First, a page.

Our children from their earliest years must take part in all the more lawful forms of play, for if they are not surrounded with such an atmosphere they can never grow up to be well conducted and virtuous citizens.

The study of play has a long history. From Plato to Kant, from Froebel to Piaget, philosophers, historians, biologists, psychologists, and educators have studied this ubiquitous behavior to understand how and why we play. Even animals play. This fact alone leads researchers like Robert Fagan,2 a leader in the study of animal play, to speculate that play must have some adaptive value given the sheer perilousness and energy cost to growing individuals. Researchers suggest that play is a central ingredient in learning, allowing children to imitate adult behaviors, practice motor skills, process emotional events, and learn much about their world. One thing play is not, is frivolous. Recent research confirms what Piaget3 always knew, that “play is the work of childhood.” Both free play and guided play are essential for the development of academic skills.

Whether play is with objects, involves fantasy and make believe, or centers on physical activity, researchers generally agree that from the child’s point of view, eight features characterize ordinary play. Play is (a) pleasurable and enjoyable, (b) has no extrinsic goals, (c) is spontaneous, (d) involves active engagement, (e) is generally engrossing, (f) often has a private reality, (g) is nonliteral, and (h) can contain a certain element of make-believe.8, 5, 9 Even these criteria for judging play have some fuzzy boundaries.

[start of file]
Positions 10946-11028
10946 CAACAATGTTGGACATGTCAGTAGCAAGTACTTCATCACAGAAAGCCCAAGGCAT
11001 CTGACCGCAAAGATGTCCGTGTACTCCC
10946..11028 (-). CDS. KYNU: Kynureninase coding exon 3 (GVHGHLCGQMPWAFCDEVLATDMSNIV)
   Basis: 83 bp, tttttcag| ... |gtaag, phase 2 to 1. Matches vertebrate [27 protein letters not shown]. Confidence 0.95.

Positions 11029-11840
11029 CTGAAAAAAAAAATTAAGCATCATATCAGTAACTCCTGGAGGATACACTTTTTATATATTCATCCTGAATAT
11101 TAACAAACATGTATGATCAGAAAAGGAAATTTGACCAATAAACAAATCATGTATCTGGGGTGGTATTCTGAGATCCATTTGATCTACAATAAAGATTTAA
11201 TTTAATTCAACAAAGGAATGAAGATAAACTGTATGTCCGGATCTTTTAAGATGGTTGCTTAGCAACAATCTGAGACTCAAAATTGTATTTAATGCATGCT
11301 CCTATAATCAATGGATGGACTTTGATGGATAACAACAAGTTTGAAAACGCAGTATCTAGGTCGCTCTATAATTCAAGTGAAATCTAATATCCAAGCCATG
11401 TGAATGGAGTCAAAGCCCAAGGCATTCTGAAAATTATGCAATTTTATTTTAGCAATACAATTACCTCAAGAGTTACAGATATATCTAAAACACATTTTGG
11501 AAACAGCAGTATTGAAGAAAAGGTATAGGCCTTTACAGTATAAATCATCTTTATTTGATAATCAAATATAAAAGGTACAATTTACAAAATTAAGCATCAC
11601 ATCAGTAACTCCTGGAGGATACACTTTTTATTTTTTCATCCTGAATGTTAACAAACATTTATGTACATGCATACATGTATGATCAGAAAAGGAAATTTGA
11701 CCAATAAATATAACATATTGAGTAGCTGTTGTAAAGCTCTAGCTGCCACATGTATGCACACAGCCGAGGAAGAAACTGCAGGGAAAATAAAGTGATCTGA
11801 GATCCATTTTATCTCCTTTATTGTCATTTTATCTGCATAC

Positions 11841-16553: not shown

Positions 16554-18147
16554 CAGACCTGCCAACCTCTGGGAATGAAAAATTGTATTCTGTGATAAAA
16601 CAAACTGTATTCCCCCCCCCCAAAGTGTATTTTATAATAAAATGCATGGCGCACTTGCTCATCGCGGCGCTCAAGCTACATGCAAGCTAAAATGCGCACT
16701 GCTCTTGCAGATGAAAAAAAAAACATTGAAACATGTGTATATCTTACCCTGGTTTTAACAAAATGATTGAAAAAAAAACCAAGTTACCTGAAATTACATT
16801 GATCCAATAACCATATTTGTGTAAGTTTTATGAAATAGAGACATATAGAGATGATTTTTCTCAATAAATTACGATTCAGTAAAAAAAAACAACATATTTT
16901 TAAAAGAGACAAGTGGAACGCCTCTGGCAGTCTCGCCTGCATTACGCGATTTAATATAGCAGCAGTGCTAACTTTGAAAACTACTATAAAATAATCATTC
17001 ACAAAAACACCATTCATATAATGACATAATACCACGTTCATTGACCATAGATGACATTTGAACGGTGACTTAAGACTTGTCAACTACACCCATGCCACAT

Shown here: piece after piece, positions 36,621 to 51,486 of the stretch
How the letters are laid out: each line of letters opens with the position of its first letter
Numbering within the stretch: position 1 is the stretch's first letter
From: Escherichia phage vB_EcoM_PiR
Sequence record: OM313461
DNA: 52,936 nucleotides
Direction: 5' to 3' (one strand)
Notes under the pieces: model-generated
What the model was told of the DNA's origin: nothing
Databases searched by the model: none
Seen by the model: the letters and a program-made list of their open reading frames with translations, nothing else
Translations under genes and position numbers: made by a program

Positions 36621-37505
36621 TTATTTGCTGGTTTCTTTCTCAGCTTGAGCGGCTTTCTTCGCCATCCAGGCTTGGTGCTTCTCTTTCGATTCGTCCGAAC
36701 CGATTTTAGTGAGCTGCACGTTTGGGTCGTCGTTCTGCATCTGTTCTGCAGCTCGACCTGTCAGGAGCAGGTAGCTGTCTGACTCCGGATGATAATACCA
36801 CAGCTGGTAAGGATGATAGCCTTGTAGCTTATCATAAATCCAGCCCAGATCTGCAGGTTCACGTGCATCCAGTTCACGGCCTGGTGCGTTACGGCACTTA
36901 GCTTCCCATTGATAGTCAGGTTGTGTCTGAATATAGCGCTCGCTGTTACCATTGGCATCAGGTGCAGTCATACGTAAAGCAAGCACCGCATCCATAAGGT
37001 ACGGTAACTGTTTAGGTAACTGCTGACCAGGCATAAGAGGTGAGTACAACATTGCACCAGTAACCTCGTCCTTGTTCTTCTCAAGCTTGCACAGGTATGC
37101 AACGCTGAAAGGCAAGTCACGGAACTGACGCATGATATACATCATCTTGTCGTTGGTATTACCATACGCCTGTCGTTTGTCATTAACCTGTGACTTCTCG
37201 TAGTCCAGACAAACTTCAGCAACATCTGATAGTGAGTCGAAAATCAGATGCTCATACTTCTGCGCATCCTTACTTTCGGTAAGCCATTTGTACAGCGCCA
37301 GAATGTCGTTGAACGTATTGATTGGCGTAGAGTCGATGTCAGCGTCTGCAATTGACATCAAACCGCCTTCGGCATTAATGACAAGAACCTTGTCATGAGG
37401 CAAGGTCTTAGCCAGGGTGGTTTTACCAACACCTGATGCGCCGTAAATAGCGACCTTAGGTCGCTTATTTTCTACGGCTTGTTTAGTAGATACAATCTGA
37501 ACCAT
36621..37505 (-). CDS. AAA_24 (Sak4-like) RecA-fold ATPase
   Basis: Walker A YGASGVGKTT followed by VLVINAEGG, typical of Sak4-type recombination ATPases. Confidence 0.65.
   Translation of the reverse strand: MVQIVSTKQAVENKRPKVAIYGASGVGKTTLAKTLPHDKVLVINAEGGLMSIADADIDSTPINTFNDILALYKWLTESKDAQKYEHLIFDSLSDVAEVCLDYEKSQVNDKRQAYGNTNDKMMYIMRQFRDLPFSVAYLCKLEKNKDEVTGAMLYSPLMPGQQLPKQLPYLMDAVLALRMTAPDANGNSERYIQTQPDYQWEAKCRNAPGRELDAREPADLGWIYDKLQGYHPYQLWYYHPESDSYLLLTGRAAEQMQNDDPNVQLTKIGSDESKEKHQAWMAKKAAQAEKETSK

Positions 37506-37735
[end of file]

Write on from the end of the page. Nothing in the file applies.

Academically, then, play is related to reading and math as well as to the important learning processes that feed these competencies. More specifically, there are direct studies connecting play to literacy and language, and to mathematics. By way of example, 4-year-olds’ play—in the form of rhyming games, making shopping lists, and “reading” story books to stuffed animals—predicts both language and reading readiness.12 Research suggests that children demonstrate their most advanced language skills during play, and that these language skills are strongly related to emergent literacy.

By: Jasmin N. Barbosa, Tomas Pinpin Memorial Elem School

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